Healthy Homes Renovation Tax Credit

Posted on: March 20th, 2014 by Cathy Mendler No Comments

 

Are you an Ontario senior or do you know someone who is?

Check out this Ontario government website to see if you/they qualify for a Healthy Homes Renovation Tax Credit.

Warm Embrace Elder Care

Posted on: March 18th, 2014 by Cathy Mendler No Comments

REFLECTION AND GRATEFULNESS

Reflection and gratefulness are skills that we regularly see demonstrated by our wonderful clients at Warm Embrace Elder Care. We are often reminded to be thankful for all that we have, and to be appreciative for all of the small blessings that we unknowingly take for granted.

Our elderly clients, many of whom lived through very difficult times, know all too well how lean years feel. Many lived through the depression era when even basic necessities were in scarce supply. They lived in Europe during wartime and experienced shortages, rations and were in constant danger. When they immigrated to Canada, they had to start over building new lives. They learned how to savour every blessing, to be grateful for each miracle, and to never take anything for granted. Compared to the hardship that our elderly clients once faced, our current challenges seem very mild!

When our clients tell us stories from their youth–stories of courage, determination and gratitude–there is always a common thread. The stories are never focused around possessions or money or things. The stories are centred around the people who mattered most–family, friends and loved ones. The blessings that are most memorable, even decades later, are the blessings of the most beloved people in their lives. Honouring a friendship, caring for family, falling in love, raising a family, helping a sibling, being loyal above all else–these are the elements that truly matter. These are the blessings to focus upon; these are the blessings for which we should be most grateful.

Our clients teach us many important lessons, but gratitude and the importance of relationships would be at the top of the list. Take the time to reflect upon the relationships that are important in your life, and express gratitude to those people.

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Warm Embrace Elder Care is owned and operated by Brenda Hamilton and her daughters, Chloe and Avery. They assist seniors to remain independent for as long as possible through offering various services such as homecare, memory therapy, and one-on-one home exercise for seniors. Inspired by personal experience with family caregiving for Brenda’s mother, this mother-daughter team understands firsthand the benefits of enlisting help while caring for a loved one. Warm Embrace believes that independence does not mean that you can do everything by yourself, but rather that you get to choose how everything is done. We grant our seniors the respect and dignity they deserve by helping them to live as they desire.

Here’s how you can reach Warm Embrace Elder Care:

Phone: (519) 954-2480

E-mail: info@WarmEmbrace.ca

Website: www.WarmEmbrace.ca

Twitter: @WarmEmbraceEC

 

Fundamental Feng Shui

Posted on: March 13th, 2014 by Cathy Mendler No Comments

Get Productive...I recently read an article by Jen Nicomedes, a certified Feng Shui and Destiny consultant.

“In feng shui, elementally speaking, the Water Element symbolizes spirituality and wisdom. It helps us foster a deeper sense of self. It is a vehicle that helps us navigate and seek our inner truth and purpose. And it also teaches us to go with the flow of life. While nature has its many gifts, the ocean, in particular, has taught [Jen] a few new things worth sharing. [T]hey are:

  1. Life is not always how you plan it, no matter how much you force or try to control it.”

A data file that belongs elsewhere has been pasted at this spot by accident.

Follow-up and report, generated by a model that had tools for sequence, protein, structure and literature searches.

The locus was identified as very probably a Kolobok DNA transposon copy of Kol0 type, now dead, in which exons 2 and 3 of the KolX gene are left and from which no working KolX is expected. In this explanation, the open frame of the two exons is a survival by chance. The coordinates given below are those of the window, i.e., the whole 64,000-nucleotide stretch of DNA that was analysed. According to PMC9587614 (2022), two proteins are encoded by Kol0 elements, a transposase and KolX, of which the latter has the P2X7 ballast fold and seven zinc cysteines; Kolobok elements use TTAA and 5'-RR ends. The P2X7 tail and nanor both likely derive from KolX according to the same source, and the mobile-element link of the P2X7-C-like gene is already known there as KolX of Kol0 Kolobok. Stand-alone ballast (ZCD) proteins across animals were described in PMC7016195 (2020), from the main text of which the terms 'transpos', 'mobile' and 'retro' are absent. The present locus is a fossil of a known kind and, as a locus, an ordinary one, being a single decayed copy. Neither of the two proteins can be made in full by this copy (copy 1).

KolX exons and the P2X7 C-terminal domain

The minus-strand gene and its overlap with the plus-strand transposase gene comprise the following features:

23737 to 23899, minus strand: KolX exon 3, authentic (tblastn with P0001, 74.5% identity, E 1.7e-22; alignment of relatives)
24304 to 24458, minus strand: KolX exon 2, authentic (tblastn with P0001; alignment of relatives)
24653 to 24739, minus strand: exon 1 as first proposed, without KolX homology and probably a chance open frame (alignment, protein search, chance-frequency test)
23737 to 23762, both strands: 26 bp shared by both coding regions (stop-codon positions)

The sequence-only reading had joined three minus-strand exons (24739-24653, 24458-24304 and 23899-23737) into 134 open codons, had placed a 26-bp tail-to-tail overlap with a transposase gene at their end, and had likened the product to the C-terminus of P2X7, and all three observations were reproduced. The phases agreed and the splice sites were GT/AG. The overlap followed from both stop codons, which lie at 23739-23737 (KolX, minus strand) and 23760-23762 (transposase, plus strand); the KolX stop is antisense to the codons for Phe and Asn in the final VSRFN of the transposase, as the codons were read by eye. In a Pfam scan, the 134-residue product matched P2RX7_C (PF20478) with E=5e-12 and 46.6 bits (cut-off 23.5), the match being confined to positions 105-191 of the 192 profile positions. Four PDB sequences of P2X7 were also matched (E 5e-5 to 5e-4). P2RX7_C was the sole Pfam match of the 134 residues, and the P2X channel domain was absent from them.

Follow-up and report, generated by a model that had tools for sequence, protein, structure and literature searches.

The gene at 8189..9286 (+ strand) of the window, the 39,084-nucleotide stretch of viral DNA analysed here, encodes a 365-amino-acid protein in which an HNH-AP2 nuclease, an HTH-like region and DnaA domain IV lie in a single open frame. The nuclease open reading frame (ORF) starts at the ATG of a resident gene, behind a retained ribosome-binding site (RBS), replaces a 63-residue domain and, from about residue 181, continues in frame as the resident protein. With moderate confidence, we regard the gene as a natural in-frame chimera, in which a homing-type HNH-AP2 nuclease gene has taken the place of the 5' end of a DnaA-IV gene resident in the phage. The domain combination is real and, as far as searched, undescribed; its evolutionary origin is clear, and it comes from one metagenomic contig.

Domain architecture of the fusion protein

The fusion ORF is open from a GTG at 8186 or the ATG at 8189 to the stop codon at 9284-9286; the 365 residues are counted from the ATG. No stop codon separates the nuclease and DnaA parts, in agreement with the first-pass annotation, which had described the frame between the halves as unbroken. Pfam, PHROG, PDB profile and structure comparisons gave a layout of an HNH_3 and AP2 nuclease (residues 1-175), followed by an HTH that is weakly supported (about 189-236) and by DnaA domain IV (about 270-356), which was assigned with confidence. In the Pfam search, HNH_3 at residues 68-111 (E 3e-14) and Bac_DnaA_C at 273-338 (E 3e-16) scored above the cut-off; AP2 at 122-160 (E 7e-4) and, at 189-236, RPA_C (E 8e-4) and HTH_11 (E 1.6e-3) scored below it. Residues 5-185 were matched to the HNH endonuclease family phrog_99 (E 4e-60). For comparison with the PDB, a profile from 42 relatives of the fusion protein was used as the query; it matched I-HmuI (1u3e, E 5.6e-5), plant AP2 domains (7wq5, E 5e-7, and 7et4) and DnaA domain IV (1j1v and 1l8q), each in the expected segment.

Click on the link to read Jen’s 10 Truths that will help you through any challenge.

What will you change to become more productive in 2014?

A Life Lesson from Shannon Kaiser

Posted on: March 11th, 2014 by Cathy Mendler No Comments

“Everything in life is a lesson; if you keep repeating the same pattern, you haven’t passed the lesson. We move forward in life by getting the lessons.”                                                                              - Shannon Kaiser, American Author

A Difficult Transition: Emptying Your Childhood Home

Posted on: March 5th, 2014 by Cathy Mendler No Comments

Cathy MendlerIt’s March! 

Even though it’s the beginning of March, it’s still not looking like spring is just around the corner with all of the snow that’s still on the ground. But don’t let that stop you from forging ahead with your plans for this year.

Let’s get started and turn over another leaf! 

EMPTYING YOUR CHILDHOOD HOME

Emptying your childhood home is one of life’s more difficult transitions. Whether your parents are moving to an apartment, a retirement residence or a nursing home–or they have passed away–here are some tips to assist you.

If possible, let your parents be in control. Put yourself in their shoes, and remember that it is their home. The process will run more smoothly if you respect their wishes.

Planning

Have a plan, and start as early as possible. Don’t expect your parents to clear out their entire house in a couple of weeks. The process takes time, as well as a great deal of energy and patience. Keep your parents’ energy level in mind.

Respect Feelings

Be empathetic. Did they grow up during the depression when possessions were scarce? Realizing that possessions are not worth very much now from a monetary point of view is an unfortunate reality. Often they have far more sentimental value.

Disposal of Possessions

Are there items that children and grandchildren find particularly meaningful to them? Schedule a family meeting. If someone doesn’t want or need items, don’t make them feel guilty. Nowadays, most people don’t want the maintenance that comes along with grandmother’s silver tea service.

Sorting through items will likely evoke many memories, and it’s common for seniors to share those stories. It’s a necessary part of the process and will help them let go. The more meaningful an item, the harder it may be. It’s often easier to let an item go if they know someone else will make good use of it. No one likes the idea of their possessions being discarded. Items that are worth money can be sold or donated.

Avoid packing items in a box and storing them in a basement. It’s not a good way to honour the memory of a loved one. In addition, it will prevent someone from dealing with the items again at a later date.

Remember–letting go of someone’s possessions does not mean you are letting go of that person. The memory of a loved one lives in your head and in your heart.